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Mrs. Giddens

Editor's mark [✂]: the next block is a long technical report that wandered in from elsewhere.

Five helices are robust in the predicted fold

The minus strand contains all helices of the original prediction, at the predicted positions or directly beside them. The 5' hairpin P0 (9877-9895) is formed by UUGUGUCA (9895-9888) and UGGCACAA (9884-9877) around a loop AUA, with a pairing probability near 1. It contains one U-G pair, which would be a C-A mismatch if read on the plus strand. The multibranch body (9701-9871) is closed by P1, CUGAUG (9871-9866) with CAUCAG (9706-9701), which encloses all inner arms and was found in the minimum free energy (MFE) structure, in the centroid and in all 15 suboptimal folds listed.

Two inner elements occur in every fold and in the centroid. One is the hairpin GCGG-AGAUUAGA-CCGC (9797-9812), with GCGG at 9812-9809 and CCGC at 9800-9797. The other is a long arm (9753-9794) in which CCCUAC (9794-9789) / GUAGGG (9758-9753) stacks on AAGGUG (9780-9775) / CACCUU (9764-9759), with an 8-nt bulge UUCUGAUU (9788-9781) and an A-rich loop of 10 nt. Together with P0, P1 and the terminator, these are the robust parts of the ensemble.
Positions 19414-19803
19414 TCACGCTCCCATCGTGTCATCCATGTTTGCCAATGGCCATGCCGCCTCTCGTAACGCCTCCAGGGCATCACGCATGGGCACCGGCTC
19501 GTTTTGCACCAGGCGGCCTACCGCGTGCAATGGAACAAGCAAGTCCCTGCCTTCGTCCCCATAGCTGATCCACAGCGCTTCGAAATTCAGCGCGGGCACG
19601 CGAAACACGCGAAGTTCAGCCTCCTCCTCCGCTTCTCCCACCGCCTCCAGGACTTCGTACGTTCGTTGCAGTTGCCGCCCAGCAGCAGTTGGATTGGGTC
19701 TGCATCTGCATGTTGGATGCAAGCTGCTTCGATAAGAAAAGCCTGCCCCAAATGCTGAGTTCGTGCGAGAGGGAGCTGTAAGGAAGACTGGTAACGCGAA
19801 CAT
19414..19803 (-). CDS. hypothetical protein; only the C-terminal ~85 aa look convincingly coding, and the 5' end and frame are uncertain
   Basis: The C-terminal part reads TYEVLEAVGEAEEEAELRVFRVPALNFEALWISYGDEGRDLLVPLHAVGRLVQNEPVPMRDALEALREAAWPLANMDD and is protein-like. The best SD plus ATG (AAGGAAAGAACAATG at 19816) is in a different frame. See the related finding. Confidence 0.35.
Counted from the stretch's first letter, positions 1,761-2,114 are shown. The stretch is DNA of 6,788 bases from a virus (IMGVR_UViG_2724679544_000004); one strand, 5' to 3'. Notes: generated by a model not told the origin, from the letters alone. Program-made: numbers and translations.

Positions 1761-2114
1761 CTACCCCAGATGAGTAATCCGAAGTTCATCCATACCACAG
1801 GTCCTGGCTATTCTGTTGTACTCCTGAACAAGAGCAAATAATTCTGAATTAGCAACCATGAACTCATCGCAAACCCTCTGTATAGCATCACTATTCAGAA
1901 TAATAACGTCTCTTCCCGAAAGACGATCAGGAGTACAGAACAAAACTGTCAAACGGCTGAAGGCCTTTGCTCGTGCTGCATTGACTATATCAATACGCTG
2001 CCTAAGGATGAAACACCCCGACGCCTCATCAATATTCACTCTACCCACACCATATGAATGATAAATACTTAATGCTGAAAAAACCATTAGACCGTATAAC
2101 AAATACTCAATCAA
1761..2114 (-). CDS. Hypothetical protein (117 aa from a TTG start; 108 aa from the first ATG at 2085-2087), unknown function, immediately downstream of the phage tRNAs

By Mike Ruffin I was visiting Mercer University sometime during the summer of 1975. The Admissions Office staff member with whom I was chatting said, ‘What do you plan to major in?’ ‘Christianity,’ I replied (that’s what they called a Religion major at Mercer back then. They call it a Religion major now). ‘Then there’s someone you need to meet,’ he said. He made a quick phone call, then we headed over to Knight Hall. I spent the next hour talking with’”mainly listening to’”Dr. Howard Giddens, who would become my mentor and, in every sense but the biological and legal ones, my father (which I very much needed him to be after the untimely demise of my father, the late great Champ Ruffin, in 1979). Dr. Giddens died in 2008 at age 97, just three days shy of the sixty-eighth anniversary of his marriage to Gladys Holder Giddens. Mrs. Gladys Giddens died on December 8, 2020, four days after her 103rd birthday. To call Mrs. Giddens a force of nature is to give nature too much credit. You of my generation will remember how the Tasmanian Devil would arrive in a whirlwind in a Bugs Bunny cartoon. Mrs. Giddens was more of an angel (although she wasn’t above a little devilment), but that’s the effect she had whenever and wherever she showed up. Over the years, Dr. and Mrs. Giddens took hundreds of Mercer students under their wings. A highlight of every year was the Baptist Student Union spring banquet. Mrs. Giddens would have lots of the girls to her house (she and Dr. Giddens lived on campus) to make decorations and prepare refreshments. I understand that a grand time was had by all (boys weren’t allowed). I have heard that she was known to sometimes break out the fake champagne. Dr. and Mrs. Giddens were the only people to make the long trek to Louisville, Kentucky to see me receive the Master of Divinity degree in 1982. They returned to see me receive my Doctor of Philosophy degree in 1986. (I want to acknowledge with gratitude that my Uncle Sandy and Aunt Dot Abbott, along with Gary and Louise Spann, also attended that ceremony. It is not lost on me that with Mrs. Giddens’s passing, all six of those wonderful people have passed on.) I could tell lots of stories, but I’m going to limit myself to one. It was early December in 1980. Debra and I were in our one-bedroom apartment in Seminary Village (also known by residents as the Gospel Ghetto). The phone rang. It was Dr. Giddens. He got to the point quickly. ’I guess you’ve heard that our boys are going to play in a little football game down in New Orleans.’ (I knew that the ‘boys’ were the Georgia Bulldogs. Dr. Giddens was pastor of First Baptist Church in Athens from 1948 to 1967, and from 1949 until 2006, he and Mrs. Giddens missed only five home games and one Georgia-Florida game. She continued attending for several years after his death). ’Yes sir,’ I replied. ‘I’ve heard some talk about that.’ He said, ‘Well, would you and Mrs. Ruffin like to go?’ ’We’d love to,’ I said. ‘But as you know, I’m just a poor seminary student. We can’t afford it.’ ’Do you still believe in Santa Claus?’ he asked. I said, ‘Dr. Giddens, if it’ll get us to the Sugar Bowl, I’ll believe in the Easter Bunny.’ He chuckled. ‘Well, do you think you could get to Macon?’ I told him I thought we could manage that. And so it came to pass that we were present in the Louisiana Superdome on January 1, 1981, to see the Georgia Bulldogs defeat the Notre Dame Fighting Irish to claim the National Championship. We probably didn’t spend twenty dollars on the trip. That was fun. But my friends, you haven’t lived until you’ve tried to keep up with Gladys Giddens as she darts from one place to another in the French Quarter on New Year’s Eve. Mind you, she was the age then that I am now, which means I was twenty-two then, and I could barely keep pace. And now she’s gone. She had her faculties until the end, and she died peacefully at home. We are grateful. Had the good Lord allowed me to make a suggestion, I would have asked that she go in a whirlwind. That way she would have died as she lived.

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